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The River Street Saga Continues: The Story of Edwin and Alice Follett Uhl

The River Street Saga Continues: The Story of Edwin and Alice Follett Uhl image The River Street Saga Continues: The Story of Edwin and Alice Follett Uhl image The River Street Saga Continues: The Story of Edwin and Alice Follett Uhl image The River Street Saga Continues: The Story of Edwin and Alice Follett Uhl image The River Street Saga Continues: The Story of Edwin and Alice Follett Uhl image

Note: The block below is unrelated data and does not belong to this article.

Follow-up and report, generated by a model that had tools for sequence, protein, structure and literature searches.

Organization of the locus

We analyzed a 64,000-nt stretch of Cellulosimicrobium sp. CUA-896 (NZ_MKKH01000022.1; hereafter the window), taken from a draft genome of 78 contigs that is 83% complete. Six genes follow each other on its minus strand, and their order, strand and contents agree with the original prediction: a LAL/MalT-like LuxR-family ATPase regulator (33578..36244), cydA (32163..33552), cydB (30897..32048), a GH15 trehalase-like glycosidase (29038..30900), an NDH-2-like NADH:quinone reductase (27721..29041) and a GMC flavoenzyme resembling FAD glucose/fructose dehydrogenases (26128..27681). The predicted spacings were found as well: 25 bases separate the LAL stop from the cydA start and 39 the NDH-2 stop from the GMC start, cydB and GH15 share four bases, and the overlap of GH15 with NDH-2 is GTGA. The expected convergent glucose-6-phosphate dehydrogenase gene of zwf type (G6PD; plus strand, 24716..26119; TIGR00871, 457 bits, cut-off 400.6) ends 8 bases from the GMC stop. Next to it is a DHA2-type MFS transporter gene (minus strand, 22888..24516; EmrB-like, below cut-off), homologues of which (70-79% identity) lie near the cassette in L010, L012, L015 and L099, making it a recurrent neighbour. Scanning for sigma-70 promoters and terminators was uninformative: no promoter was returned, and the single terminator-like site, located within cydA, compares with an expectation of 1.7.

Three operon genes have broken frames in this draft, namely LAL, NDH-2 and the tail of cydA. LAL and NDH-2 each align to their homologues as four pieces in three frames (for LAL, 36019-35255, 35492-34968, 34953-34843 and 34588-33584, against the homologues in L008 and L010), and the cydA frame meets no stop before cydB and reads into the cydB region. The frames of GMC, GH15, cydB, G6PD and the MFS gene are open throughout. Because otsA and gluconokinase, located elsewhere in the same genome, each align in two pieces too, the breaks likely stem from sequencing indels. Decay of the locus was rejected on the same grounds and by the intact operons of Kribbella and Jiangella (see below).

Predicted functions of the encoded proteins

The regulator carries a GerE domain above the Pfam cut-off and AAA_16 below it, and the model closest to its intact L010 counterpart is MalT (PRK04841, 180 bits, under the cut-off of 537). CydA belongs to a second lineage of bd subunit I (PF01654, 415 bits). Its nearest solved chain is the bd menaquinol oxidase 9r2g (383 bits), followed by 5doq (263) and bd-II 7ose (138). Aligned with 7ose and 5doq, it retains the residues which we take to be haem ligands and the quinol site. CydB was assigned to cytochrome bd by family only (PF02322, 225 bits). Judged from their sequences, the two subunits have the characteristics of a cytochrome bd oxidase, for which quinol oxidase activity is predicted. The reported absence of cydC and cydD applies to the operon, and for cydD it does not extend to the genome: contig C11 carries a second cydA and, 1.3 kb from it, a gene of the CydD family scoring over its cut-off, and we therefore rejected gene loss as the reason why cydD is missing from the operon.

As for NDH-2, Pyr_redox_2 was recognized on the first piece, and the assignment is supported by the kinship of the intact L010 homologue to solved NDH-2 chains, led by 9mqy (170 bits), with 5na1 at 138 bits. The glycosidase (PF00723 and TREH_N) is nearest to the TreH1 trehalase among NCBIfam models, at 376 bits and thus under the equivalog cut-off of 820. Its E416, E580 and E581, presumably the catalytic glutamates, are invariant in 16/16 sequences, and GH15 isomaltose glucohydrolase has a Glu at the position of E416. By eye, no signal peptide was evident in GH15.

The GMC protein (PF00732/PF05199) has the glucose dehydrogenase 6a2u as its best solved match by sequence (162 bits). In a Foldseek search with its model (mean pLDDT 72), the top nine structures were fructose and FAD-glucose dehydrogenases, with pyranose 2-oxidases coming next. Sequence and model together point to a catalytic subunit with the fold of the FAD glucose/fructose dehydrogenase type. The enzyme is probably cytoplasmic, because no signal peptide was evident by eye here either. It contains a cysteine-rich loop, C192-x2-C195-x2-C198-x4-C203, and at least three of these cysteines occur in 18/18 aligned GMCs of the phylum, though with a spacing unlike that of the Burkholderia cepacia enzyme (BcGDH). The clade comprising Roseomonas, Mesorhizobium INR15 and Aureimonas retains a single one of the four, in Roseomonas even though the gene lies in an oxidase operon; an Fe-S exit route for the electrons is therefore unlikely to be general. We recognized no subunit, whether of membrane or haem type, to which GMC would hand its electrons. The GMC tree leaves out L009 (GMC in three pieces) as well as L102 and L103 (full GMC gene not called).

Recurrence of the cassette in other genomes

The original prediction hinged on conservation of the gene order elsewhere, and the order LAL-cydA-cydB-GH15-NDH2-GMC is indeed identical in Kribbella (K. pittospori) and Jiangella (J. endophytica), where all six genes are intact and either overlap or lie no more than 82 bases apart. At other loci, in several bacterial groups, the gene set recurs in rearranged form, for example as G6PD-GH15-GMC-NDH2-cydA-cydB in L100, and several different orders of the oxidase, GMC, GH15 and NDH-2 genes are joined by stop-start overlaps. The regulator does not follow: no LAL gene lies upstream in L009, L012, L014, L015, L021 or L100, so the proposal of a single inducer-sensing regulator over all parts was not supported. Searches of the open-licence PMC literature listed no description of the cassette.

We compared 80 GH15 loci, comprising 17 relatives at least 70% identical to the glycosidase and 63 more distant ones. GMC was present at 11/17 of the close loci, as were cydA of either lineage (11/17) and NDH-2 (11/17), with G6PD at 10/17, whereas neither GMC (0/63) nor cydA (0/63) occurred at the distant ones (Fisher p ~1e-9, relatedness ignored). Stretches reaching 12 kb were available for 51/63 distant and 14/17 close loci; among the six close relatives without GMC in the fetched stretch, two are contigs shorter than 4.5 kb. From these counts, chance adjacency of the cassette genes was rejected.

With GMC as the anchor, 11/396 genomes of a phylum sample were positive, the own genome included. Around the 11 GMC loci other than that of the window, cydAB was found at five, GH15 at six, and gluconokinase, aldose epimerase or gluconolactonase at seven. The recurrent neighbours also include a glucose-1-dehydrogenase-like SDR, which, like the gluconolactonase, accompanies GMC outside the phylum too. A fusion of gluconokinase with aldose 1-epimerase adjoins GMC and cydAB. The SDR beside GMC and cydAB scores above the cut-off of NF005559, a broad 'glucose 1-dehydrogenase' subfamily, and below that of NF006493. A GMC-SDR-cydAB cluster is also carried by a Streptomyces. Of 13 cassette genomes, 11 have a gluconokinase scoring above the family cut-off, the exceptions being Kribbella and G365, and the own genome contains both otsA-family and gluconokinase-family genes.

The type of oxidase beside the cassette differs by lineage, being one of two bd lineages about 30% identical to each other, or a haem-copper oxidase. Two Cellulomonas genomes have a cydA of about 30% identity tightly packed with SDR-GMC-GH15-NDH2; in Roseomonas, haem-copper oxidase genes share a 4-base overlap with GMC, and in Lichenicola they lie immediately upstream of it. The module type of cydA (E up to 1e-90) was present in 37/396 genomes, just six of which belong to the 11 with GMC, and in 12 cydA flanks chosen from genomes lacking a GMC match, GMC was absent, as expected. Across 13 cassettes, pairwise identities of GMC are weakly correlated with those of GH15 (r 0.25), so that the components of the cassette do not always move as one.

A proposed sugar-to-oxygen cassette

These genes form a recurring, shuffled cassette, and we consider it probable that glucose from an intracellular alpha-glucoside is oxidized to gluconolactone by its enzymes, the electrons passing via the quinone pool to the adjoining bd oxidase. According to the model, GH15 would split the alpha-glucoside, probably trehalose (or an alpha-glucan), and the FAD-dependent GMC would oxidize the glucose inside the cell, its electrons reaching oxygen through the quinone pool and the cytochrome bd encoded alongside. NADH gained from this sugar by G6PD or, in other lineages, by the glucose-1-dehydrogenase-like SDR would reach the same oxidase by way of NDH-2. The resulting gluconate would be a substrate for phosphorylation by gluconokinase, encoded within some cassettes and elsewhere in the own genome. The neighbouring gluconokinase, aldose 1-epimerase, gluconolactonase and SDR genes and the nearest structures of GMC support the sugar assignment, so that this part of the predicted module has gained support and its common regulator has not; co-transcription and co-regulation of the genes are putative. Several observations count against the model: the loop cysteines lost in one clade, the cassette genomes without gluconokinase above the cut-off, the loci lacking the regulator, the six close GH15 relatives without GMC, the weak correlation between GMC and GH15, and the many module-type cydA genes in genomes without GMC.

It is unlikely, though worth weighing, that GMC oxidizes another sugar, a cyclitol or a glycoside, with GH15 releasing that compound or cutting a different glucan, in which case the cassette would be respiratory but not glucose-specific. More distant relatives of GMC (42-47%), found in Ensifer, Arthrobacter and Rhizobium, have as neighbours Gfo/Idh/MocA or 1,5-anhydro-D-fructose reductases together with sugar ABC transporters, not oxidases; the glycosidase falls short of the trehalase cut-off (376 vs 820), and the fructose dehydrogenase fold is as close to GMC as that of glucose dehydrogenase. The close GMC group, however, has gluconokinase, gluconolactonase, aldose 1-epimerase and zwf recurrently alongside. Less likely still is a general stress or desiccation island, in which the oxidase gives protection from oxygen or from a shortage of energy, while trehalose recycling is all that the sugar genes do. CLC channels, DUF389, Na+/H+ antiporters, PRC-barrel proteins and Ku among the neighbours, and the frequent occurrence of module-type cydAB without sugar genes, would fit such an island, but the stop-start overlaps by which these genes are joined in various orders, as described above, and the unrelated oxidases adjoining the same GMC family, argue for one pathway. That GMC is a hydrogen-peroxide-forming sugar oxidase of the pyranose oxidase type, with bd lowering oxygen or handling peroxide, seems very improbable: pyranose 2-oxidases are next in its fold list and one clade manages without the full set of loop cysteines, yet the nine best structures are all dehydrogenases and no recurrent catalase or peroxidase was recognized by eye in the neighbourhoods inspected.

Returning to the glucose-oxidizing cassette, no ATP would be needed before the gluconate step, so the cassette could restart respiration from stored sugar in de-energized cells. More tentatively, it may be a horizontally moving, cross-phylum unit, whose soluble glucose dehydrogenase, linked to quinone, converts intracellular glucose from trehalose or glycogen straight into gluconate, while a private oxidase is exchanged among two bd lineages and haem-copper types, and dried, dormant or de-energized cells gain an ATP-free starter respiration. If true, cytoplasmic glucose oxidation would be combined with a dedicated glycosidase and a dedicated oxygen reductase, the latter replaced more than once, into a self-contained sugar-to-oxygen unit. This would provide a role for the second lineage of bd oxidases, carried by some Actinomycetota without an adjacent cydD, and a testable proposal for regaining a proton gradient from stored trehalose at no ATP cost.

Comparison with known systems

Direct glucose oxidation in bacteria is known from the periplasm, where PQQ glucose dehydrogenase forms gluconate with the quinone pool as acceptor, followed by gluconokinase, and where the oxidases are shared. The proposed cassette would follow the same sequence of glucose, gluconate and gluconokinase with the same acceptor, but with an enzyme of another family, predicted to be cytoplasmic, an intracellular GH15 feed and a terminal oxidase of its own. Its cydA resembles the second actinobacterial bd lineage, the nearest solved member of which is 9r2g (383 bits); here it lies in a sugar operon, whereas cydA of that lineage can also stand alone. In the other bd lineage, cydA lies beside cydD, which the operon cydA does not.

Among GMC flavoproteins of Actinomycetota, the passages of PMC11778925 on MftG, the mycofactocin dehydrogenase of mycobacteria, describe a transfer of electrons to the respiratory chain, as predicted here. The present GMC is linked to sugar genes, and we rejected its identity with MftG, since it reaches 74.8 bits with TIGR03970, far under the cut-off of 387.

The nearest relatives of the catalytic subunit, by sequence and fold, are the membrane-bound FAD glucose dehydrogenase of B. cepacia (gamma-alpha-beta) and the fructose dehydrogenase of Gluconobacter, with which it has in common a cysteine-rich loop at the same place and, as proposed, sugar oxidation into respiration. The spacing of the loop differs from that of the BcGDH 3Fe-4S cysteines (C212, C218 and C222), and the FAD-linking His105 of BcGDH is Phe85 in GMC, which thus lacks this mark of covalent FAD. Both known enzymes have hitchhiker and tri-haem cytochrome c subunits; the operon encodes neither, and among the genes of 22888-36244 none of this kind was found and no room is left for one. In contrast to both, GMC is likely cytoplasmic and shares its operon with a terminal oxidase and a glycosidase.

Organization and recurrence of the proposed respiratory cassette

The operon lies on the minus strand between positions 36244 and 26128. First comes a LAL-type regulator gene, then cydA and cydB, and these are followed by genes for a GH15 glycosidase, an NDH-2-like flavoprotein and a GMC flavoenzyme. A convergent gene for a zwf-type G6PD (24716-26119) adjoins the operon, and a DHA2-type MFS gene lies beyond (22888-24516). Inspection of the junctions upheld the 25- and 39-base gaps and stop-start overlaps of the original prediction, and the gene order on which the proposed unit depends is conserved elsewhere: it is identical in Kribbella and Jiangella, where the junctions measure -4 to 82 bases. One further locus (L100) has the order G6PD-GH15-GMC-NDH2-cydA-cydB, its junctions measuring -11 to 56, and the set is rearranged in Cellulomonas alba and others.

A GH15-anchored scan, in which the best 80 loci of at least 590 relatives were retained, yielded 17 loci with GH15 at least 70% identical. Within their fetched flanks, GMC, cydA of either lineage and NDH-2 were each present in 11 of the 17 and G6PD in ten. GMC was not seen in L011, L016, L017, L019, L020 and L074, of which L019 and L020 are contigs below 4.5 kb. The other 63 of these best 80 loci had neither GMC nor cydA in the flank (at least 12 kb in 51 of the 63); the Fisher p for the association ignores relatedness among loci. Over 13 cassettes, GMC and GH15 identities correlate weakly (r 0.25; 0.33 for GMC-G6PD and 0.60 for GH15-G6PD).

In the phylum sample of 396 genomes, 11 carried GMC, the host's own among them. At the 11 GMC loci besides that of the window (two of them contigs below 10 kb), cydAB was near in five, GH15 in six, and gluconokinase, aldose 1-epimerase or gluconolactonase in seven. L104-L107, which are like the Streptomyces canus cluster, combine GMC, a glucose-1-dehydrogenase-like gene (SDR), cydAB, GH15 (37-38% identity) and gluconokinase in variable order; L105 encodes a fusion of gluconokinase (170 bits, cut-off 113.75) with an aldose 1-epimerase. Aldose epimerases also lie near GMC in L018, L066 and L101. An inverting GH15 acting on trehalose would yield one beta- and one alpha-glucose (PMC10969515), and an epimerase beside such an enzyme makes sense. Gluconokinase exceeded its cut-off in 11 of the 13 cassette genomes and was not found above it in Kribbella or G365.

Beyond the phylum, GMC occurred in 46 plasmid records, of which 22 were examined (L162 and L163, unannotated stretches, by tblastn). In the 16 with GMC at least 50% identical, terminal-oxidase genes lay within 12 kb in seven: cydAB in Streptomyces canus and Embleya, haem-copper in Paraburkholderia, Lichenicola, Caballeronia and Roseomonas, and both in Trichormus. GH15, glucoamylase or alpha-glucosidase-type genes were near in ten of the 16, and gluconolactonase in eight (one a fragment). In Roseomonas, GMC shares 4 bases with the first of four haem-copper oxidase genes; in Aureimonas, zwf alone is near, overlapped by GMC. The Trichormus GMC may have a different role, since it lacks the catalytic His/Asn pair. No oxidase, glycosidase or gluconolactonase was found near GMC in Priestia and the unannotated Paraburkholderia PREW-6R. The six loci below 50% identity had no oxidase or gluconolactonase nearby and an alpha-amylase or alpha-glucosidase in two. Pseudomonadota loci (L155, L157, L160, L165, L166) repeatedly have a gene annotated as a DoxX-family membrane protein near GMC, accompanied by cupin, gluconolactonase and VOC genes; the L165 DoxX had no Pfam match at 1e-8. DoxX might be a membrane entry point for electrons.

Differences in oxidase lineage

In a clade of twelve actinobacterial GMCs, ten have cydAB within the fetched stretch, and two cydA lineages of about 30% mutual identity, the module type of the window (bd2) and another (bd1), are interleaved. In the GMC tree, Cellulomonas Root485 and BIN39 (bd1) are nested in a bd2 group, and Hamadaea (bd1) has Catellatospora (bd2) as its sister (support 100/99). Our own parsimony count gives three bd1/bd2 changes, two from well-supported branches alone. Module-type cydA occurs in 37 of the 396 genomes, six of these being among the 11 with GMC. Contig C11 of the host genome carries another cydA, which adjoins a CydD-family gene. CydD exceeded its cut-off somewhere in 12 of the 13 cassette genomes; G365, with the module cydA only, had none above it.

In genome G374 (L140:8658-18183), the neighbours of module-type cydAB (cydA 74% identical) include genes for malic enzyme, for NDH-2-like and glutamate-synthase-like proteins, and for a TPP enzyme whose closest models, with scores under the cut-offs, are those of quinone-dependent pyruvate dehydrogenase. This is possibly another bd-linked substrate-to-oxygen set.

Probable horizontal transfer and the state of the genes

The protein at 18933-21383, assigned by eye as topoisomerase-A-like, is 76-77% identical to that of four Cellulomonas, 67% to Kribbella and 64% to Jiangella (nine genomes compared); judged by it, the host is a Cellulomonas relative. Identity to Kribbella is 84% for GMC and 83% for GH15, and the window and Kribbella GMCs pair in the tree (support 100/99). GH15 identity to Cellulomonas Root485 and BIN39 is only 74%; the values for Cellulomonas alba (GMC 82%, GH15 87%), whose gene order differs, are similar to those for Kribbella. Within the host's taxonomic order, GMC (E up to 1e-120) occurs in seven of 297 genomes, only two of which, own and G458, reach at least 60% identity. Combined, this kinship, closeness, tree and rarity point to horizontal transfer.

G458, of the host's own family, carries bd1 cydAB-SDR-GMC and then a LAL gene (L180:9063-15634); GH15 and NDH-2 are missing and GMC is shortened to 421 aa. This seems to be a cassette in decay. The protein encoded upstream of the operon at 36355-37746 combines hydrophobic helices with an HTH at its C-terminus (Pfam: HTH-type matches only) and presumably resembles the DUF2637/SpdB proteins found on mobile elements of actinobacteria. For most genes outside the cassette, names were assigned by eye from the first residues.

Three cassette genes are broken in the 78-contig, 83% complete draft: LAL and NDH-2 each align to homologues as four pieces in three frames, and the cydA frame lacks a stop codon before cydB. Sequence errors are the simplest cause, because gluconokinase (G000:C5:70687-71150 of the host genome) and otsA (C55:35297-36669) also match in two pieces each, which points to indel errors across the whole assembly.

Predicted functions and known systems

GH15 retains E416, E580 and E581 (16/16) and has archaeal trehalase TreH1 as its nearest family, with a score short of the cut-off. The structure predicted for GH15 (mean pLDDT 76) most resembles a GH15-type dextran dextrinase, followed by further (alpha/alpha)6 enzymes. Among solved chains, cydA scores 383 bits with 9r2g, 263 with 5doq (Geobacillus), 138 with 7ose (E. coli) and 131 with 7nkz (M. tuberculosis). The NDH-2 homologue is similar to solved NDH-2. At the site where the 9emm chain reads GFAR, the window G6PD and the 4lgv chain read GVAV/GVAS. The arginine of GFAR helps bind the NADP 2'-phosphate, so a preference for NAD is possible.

Author
Janice Anschuetz
Rights Held By
Ypsilanti Historical Society
OCR Text